As we have walked this pilgrimage of prophecy with Isaiah, I have been continually moved, provoked, awed and reminded of God's remarkable presence in our history and in our lives. Isaiah's words open up the events of his day, revealing a schema of God's plan of action for both the chastisement and the deliverance of not only Israel but of all the nations of the world. Along the way, and for lack of a better word, God becomes both eminently and imminently relevant to us all in the here and now. Isaiah's visions are specific to a time and place (a pre-, present- and post-exile Judah/Israel), provide context to the events of the Gospel in the New Testament and offer some profound pastoral consolations to the Church of today.
The imagery of the prophet captures me today and renders me more open to the tougher words of the psalm and the opening opacity of the letter to the Hebrews. As God approaches, dread and desire are kindles in our guts. We yearn for the Almighty, the justice of God, the deliverance of the author of life, covenant and everything else we know in this existence. We also dread the arrival of the absolute truth of God, the judgment, the reckoning.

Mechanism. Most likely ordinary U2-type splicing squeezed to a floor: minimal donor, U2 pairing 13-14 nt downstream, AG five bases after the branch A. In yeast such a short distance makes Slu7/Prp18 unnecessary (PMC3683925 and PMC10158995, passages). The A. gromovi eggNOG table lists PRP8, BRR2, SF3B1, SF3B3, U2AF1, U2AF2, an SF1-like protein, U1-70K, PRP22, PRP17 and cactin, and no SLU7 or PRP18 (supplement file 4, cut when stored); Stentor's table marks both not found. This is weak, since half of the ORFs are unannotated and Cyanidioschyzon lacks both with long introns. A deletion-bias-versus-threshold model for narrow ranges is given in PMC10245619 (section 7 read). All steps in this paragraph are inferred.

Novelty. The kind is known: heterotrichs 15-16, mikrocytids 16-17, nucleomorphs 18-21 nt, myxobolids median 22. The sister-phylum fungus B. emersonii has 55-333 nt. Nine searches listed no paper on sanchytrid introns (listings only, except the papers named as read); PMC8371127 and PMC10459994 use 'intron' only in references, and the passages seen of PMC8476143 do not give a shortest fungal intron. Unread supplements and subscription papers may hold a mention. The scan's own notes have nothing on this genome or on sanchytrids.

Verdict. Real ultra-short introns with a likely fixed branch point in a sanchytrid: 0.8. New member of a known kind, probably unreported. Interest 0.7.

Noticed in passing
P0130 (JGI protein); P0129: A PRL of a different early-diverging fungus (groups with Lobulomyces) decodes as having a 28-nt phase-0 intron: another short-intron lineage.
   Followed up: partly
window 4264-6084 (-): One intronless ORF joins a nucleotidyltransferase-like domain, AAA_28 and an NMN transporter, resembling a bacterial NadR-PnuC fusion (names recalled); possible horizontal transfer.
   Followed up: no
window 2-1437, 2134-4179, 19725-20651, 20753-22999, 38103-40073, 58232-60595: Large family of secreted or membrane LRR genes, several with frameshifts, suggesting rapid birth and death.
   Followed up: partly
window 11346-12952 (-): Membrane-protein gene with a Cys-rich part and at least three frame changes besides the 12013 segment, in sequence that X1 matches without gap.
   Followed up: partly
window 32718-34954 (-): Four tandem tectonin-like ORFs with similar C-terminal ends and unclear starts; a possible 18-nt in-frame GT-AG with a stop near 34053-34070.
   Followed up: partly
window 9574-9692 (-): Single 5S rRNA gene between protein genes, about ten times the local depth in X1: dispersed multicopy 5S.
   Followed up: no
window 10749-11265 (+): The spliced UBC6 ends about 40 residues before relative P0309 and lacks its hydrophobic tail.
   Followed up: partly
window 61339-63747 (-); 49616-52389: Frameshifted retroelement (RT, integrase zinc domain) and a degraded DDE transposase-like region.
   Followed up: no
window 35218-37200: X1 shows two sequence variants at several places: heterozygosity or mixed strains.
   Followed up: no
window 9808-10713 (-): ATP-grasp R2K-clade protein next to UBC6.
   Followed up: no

The consolation of us all is the testimony that God is arriving not to rend and destroy (at least not forever). God is coming to life up, to elevate, to restore. After having been brought low, the people of God (us and all else) are now going to experience ascendancy. Israel/Judah hears this promise as they prepare for a return from exile. The people around Jesus hear it as self-reference when reading from that scroll he says, "Today this scripture has been fulfilled in your presence." The author of the letter to the Hebrews is basing the core foundation of that work on the assumption (literally) that is Jesus the Christ is the Son of God and in him we are raised....then in that resurrection we, too, will be lifted up into God's Presence as well. Even the angels of God will bow to the Church triumphant.
That is some heady stuff. Enough to make your head spin...but woven throughout the text is a quiet reminder that all of this is not-quite-yet. Even as we await, and wait upon, God we have an ongoing work to take part in. Our call, and task, is to live faithfully into the promise of God's arrival, the assurance of our restoration and the labor of becoming the people God has always intended for us to be.
In other words, don't just wait around for God to show up and ring in the kingdom. Get to work. Roll up your sleeves. Seize the vision and start working toward it...we are not just to receive these gifts of new life. We are to offer them up to the whole world.